Abstract/Description: While an ever-increasing amount of literature exists regarding various aspects of ADHD, the relationship of functional impairments to important life and social skills, as well as professional functionality remains relatively unexplored. The Barkley Functional impairment scale is a recently developed and untested scale, especially with respect to other constructs of college life. While the reported validity is promising for use of evaluating functional impairments in people with ADHD, the validity and utility of the scale should be evaluated in relation to similar constructs to determine overall benefit. By doing so, researchers and other professionals in the field of counseling, rehabilitation, and professional development can address the relationships, and can improve counseling and rehabilitation services people with ADHD. Therefore, a study encompassing the relationships among measures of self-perceived functional impairment, quality of life, college self-efficacy, and career decision state could prove beneficial in understanding how aspects of ADHD affect individuals throughout the college experience. The purpose of this study was to address and to evaluate the strength of these relationships. If the self-perceived functional impairment scores were deemed to be associated with quality of life and college self-efficacy, the use of the BFIS as a diagnostic and prescriptive tool could be supported to improve the effectiveness of counseling and rehabilitation services for college students with ADHD. Four research questions guided this study. The first question stated, "Is the self-perceived functional impairment related to quality of life?" The second question stated, "Is the self-perceived functional impairment associated with college self-efficacy?" The third question stated, "What is the relationship between perceived level of functional impairment and career decision state as measured by indecision and satisfaction with choice?" The fourth question stated, "What is the relationship between perceived level of functional impairment, college self-efficacy, and career decision state with respect to self-perceived quality of life in students diagnosed with ADHD?" The hypothesis for the first question was, "There is an inverse correlation between self-perceived functional impairment and quality of life in students diagnosed with ADHD." The hypothesis for the second question was, "There is an inverse correlation between self-perceived functional impairment and college self-efficacy in students diagnosed with ADHD." The third question had two hypotheses. The first hypothesis for question three was "There is a positive correlation between level of indecision and perceived level of functional impairment." The second hypothesis for question three was, "There is a positive correlation between degree of dissatisfaction with career choice and perceived level of functional impairment." The hypothesis for the fourth question was, "Functional impairment, college self-efficacy, and career decision state all will capture significant independent variation in the prediction of quality of life in students diagnosed with ADHD." The first, second, and third hypotheses were tested using Pearson Product-Moment correlations. The fourth hypothesis was tested by using linear multiple regression. Data were collected from 150 of 1108 students registered with the Students with Disabilities Resource Center (SDRC) at Florida State University through an email questionnaire. Two emails were sent approximately two weeks apart to obtain participants. Volunteer participants were potentially compensated by having their anonymous identification number submitted to a raffle drawing to receive one of three prizes: a $150 gift card, a $75 gift card, and a $50 gift card. A web-based survey program was utilized, consisting of a background/demographics questionnaire and the Occupational Alternatives Questionnaire (OAQ), the Barkley Functional Impairment Scale-Long Form (BFIS-LF), the World Health Organization Quality of Life-Brief Version (WHOQOL-BREF), and the College Self-Efficacy Inventory (CSEI). This instrument was approved by the Florida State Institutional Review Board (IRB) prior to utilization with participants. Only complete surveys were used in the calculation of results. Results of the study showed the first hypothesis was accepted that quality of life is moderately and inversely associated with perceived level of functional impairment. The second hypothesis also was accepted. College self-efficacy was inversely, but weakly associated with perceived level of functional impairment. The first part of the third hypothesis was rejected that the level of indecision with career choice was related to perceived level of functional impairment. The second part of this hypothesis was accepted that dissatisfaction with career choices was weakly correlated with perceived level of functional impairment. The fourth hypothesis was confirmed that perceived functional impairment, self-efficacy, and level of dissatisfaction with career choice significantly contributed to the quality of life of students diagnosed with ADHD. Levels of functional impairment and dissatisfaction were inversely correlated with quality of life in the prediction model. The information gathered yields beneficial information about the use of the BFIS in disability and rehabilitation counseling centers as a tool for addressing perceived functional impairments and related constructs of students diagnosed with ADHD. The correlations found among self-perceived functional impairment, college self-efficacy, the dissatisfaction portion of career decision state, and quality of life of people with ADHD could significantly benefit the manner in which services are provided to people utilizing various disability services on college campuses. Based on these results, the utility of the BFIS was supported as a prescriptive tool and as an instrument for counselors to use to address the relationship between self-perceived functional impairment, college self-efficacy, dissatisfaction with career choice concerns, and quality of life in college students diagnosed with ADHD.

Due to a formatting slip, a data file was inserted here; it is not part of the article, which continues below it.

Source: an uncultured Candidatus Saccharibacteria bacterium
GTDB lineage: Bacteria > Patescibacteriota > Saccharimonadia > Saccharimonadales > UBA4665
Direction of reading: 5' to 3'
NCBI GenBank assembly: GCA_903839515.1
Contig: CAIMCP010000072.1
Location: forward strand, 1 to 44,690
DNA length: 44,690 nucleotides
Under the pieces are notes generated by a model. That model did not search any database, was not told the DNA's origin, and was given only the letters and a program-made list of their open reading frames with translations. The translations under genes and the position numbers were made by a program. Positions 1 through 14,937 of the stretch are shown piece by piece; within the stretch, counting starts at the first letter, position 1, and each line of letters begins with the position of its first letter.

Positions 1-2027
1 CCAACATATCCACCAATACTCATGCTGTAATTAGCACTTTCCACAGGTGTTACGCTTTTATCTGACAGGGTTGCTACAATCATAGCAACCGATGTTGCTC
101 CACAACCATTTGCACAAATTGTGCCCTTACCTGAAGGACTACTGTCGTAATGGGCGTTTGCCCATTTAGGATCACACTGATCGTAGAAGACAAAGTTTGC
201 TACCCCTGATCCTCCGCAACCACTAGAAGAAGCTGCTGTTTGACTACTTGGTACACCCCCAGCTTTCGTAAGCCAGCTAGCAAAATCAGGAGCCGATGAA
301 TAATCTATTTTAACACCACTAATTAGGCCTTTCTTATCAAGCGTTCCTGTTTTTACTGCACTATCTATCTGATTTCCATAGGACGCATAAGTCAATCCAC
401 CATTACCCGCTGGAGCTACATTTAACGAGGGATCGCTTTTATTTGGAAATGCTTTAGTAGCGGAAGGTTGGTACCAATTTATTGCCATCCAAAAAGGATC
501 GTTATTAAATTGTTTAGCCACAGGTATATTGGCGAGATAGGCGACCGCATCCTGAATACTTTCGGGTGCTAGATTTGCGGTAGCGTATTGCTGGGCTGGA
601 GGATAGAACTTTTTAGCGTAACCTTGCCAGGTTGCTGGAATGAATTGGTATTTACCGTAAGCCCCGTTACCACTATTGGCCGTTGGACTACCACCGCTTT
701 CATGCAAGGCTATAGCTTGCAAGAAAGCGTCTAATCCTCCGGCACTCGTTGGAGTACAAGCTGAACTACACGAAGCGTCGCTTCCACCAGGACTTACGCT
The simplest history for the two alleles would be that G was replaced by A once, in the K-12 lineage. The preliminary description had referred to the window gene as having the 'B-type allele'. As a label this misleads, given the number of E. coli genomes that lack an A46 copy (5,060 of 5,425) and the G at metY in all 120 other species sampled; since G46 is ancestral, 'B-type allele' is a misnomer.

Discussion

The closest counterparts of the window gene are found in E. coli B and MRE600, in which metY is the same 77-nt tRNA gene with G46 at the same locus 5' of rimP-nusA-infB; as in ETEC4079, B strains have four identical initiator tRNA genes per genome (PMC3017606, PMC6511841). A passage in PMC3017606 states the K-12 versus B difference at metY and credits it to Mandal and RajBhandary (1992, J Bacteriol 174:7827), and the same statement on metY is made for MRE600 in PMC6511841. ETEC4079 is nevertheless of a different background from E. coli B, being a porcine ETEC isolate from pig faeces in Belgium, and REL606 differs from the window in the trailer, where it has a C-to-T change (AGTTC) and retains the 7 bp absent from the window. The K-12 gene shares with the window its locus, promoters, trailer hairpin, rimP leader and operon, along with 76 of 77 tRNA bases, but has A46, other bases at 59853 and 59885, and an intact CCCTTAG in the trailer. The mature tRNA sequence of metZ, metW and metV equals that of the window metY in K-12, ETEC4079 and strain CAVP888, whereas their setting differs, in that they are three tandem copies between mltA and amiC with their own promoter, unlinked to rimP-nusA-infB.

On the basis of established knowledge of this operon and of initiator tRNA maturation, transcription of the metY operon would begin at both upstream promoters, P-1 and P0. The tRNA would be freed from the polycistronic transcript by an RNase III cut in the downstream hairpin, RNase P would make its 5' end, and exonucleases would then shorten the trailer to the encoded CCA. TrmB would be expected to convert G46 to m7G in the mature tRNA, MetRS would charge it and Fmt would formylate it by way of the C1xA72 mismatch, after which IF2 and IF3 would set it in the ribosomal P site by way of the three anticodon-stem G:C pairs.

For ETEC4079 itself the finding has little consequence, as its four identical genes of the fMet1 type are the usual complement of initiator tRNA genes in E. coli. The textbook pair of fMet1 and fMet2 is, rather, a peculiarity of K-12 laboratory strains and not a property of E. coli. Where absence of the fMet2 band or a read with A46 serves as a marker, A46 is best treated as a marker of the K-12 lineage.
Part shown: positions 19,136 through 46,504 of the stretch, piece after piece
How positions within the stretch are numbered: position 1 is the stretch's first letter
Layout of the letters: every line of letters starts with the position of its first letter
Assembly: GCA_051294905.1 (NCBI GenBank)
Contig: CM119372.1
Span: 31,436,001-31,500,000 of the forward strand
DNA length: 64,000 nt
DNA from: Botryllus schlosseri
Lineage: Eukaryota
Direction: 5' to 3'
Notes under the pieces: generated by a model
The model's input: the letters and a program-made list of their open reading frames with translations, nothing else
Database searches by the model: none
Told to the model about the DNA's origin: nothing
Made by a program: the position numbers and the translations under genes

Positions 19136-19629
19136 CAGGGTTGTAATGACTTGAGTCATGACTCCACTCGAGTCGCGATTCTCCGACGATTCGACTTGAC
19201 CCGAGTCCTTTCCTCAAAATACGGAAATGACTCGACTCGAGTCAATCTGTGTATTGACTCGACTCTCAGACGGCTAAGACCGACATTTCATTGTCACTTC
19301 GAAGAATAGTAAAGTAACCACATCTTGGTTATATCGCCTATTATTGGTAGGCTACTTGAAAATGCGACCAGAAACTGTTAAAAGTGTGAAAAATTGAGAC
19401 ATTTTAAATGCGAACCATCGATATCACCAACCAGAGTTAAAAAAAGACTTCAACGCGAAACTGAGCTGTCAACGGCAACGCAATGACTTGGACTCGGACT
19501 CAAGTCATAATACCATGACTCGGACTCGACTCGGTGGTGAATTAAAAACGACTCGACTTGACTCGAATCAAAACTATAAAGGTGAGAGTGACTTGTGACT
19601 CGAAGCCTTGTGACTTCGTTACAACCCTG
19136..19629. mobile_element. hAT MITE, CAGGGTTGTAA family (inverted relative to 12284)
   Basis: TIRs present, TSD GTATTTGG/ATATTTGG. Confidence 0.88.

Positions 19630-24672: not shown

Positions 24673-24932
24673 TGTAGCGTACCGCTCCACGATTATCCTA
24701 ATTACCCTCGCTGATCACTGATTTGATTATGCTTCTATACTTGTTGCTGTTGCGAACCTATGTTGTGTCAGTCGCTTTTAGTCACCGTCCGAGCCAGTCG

Identifier: FSU_2015fall_Sedam_fsu_0071E_12995 (IID)
Submitted Note: A Dissertation submitted to the Department of Educational Psychology and Learning Systems in partial fulfillment of the Doctor of Philosophy.
Degree Awarded: Fall Semester 2015.
Date of Defense: November 4, 2015.
Keywords: ADHD, BFIS, Career Decision State, Quality of Life, Self-Efficacy, WHOQOL
Bibliography Note: Includes bibliographical references.
Advisory Committee: Deborah Ebener, Professor Directing Dissertation; Mary Frances Hanline, University Representative; Gary Peterson, Committee Member; Shengli Dong, Committee Member; Debra Osborn, Committee Member.
Subject(s): Counseling psychology
Educational psychology
Psychology
Persistent Link to This Record: http://purl.flvc.org/fsu/fd/FSU_2015fall_Sedam_fsu_0071E_12995
Owner Institution: FSU

Choose the citation style.
Sedam, C. R. (C. R. ). (2015). Predicting Quality of Life of College Students Diagnosed with Attention-Deficit/Hyperactivity Disorder (ADHD). Retrieved from http://purl.flvc.org/fsu/fd/FSU_2015fall_Sedam_fsu_0071E_12995